I-192 Waivers: What factors does the ARO consider?

Since the landmark BIA decision of Matter of Hranka in 1978, I-192 waivers and INA 212(d)(3) waivers have been adjudicated by consideration of three (3) factors:

(1) The risk of harm to society if the applicant is admitted;

(2) The seriousness of the applicant's immigration or criminal law violations; and

(3) The nature of the applicant's reasons for wishing to enter the U.S.

These are the only factors for consideration that have been set forth by law.  However, I have noticed in many recent I-192 [INA 212(d)(3)] waiver decisions that the Admissibility Review Office ("ARO") has indicated that Matter of Hranka requires the weighing of at least the aforementioned three (3) factors.  In addition to these factors, the ARO states that it also considers the following factors:

(1) The nature of the offense;

(2) The circumstances which led to the offense;

(3) How recently the offense occured;

(4) Whether it was an isolated incident, or part of a pattern of misconduct;

(5) Evidence of reformation or rehabilitation.

The ARO does not cite the legal authority providing for the consideration of these factors.  Rather, the ARO states that these factors are considered when determining whether or not to exercise its discretion.

I am interested to see how things will play out at the BIA should a waiver applicant appeal a negative decision based upon the consideration of factors that have not been articulated by the BIA. 



Canada is closing Consulate in Buffalo

Due to a major change in Canadian immigration rules, the Canadian government has announced that the Canadian Consulate in Buffalo, New York will be closing. 

Foreign students and temporary worker in Canada who used to have to cross the border into the U.S. to renew their status at the Consulate will now be able to renew their status without leaving Canada.

Read article


USCIS to Centralize Filing and Adjudication for Certain Waivers of Inadmissibility (including I-212 & I-601 waivers)

U.S. Citizenship & Immigration Services ("USCIS") announced today that the agency will be putting a standardized process in place for waiver applications (Forms I-212, I-601, & I-290B) as of June 4, 2012.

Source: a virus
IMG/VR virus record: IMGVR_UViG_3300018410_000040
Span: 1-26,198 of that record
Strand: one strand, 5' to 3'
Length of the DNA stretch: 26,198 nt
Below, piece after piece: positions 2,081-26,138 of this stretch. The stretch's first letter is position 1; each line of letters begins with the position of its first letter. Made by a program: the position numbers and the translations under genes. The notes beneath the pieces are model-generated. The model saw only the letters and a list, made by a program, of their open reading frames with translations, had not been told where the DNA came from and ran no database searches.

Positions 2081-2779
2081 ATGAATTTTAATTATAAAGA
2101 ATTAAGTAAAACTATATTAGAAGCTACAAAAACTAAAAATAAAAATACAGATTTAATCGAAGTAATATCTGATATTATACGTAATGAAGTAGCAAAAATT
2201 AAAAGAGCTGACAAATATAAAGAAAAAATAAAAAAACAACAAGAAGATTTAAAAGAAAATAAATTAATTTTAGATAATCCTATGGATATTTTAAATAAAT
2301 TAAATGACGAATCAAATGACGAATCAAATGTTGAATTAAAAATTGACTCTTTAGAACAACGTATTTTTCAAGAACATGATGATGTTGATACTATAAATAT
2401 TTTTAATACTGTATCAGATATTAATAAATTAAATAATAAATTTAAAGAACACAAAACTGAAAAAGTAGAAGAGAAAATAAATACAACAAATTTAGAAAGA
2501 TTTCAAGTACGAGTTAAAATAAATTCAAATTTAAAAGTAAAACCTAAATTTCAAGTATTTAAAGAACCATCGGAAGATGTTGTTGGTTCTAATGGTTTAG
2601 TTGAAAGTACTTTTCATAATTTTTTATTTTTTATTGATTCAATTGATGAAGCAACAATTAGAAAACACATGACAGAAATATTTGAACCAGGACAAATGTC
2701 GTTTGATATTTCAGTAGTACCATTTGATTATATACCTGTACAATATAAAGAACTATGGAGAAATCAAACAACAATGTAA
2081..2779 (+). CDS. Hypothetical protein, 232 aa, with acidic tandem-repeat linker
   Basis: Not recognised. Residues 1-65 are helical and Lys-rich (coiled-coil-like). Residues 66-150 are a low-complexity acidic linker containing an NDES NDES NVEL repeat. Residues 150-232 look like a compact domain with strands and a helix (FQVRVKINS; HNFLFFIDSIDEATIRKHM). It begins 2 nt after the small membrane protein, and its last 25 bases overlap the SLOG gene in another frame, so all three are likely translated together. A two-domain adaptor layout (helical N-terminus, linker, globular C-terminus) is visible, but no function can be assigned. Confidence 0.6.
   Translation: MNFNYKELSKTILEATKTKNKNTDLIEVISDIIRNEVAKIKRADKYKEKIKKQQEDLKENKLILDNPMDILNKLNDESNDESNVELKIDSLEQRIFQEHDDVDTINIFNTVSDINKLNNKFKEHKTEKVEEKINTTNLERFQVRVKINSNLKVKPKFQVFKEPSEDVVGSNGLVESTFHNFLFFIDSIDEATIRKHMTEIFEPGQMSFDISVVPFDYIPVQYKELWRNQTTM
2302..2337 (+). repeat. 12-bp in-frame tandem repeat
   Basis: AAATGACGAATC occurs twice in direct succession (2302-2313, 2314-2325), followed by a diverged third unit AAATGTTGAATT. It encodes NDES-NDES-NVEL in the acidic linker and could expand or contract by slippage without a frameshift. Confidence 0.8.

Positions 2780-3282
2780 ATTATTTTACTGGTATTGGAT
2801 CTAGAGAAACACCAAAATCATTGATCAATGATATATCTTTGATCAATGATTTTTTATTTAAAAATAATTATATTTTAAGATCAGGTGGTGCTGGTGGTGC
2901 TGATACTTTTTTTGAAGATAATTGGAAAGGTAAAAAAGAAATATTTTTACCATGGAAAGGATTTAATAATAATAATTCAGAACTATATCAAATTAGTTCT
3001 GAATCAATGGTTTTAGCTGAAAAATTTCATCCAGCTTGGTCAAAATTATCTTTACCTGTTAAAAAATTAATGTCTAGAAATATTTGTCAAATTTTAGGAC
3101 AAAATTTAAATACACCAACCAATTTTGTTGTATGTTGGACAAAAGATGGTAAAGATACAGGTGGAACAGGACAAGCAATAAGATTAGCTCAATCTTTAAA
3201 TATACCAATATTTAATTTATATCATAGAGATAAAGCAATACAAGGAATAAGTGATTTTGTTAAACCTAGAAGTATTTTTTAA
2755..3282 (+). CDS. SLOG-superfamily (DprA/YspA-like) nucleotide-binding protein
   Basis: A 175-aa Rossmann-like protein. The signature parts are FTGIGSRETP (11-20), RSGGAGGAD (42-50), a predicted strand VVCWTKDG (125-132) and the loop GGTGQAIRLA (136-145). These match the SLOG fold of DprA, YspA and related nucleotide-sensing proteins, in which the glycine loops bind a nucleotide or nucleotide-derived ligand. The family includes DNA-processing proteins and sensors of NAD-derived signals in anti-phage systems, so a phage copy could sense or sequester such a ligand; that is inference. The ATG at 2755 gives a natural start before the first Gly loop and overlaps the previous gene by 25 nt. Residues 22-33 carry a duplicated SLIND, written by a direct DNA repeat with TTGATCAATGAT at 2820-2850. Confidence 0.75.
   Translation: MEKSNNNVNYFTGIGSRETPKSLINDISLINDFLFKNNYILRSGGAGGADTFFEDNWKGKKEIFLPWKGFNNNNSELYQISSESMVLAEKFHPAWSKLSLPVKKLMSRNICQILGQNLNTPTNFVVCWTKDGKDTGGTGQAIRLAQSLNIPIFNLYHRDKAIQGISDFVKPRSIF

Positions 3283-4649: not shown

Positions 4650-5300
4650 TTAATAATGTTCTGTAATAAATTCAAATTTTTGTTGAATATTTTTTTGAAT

These waiver applications will now be filed directly with USCIS at a lockbox facility.  The agency hopes that this change will provide more efficient and consistent adjudication. 

Additionally, waiver applicants will be able to check the status of their applications online at the USCIS website.

Read the USCIS Announcement


How can someone return to the U.S. after making a false claim to U.S. citizenship?

QUESTION: My brother is a U.S. citizen.  He is married and lives in Texas.  His wife lives in Mexico.  Eight years ago his wife presented herself as a U.S. citizen.  She was caught and given an expedited removal and five year bar. She has stayed in Mexico for the past eight years and has two children with my brother.vShe graduated from college in Mexico as a surgical techncian. I want to know if there is any way she can obtain any kind of visa so she can bring my niece and nephew to visit their father, aunt, and granddparents in the U.S.  Thank you so much.

REPLY: Thank you for your message.  While I cannot provide you with case-specific advice without first reviewing the details of your case, I can provide you with some general information that might be helpful.

Individuals who are charged with making a false claim to U.S. citizenship are inadmissible for life under INA 212(a)(6)(C)(ii).  An immigrant waiver is only available in certain cases when the individual reasonably believed that s/he was a U.S. citizen.  There is a nonimmigrant waiver available that can be applied for in connection with a nonimmigrant visa.  Anyone who has been subject to an order of expedited removal must also obtain permission to reapply for admission to the U.S. within the five-year period following the date of the expedited removal.  This application is made on Form I-212

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Processing Delays at the CBP Admissibility Review Office

On March 29, 2012, the CBP Admissibility Review Office (ARO) advised the American Immigration Lawyers Association ("AILA") that it is taking at least 120 days to adjudicate nonimmigrant waivers of inadmissibility [Forms I-192; INA 212(d)(3) waivers]. Accordingly, in the event that a nonimmigrant waiver of inadmissibility is required, the application should be filed as soon as possible in advance of intended travel, but no later than 120 days prior to the expected travel date.

Based on my experience with the ARO and processing times for nonimmigrant waivers, I always recommend filing the waiver application six (6) months in advance of the intended travel date.  While the ARO aims to adjudicate all waiver applications within 120 days, this is not always the case. 

Read the AILA Practice Alert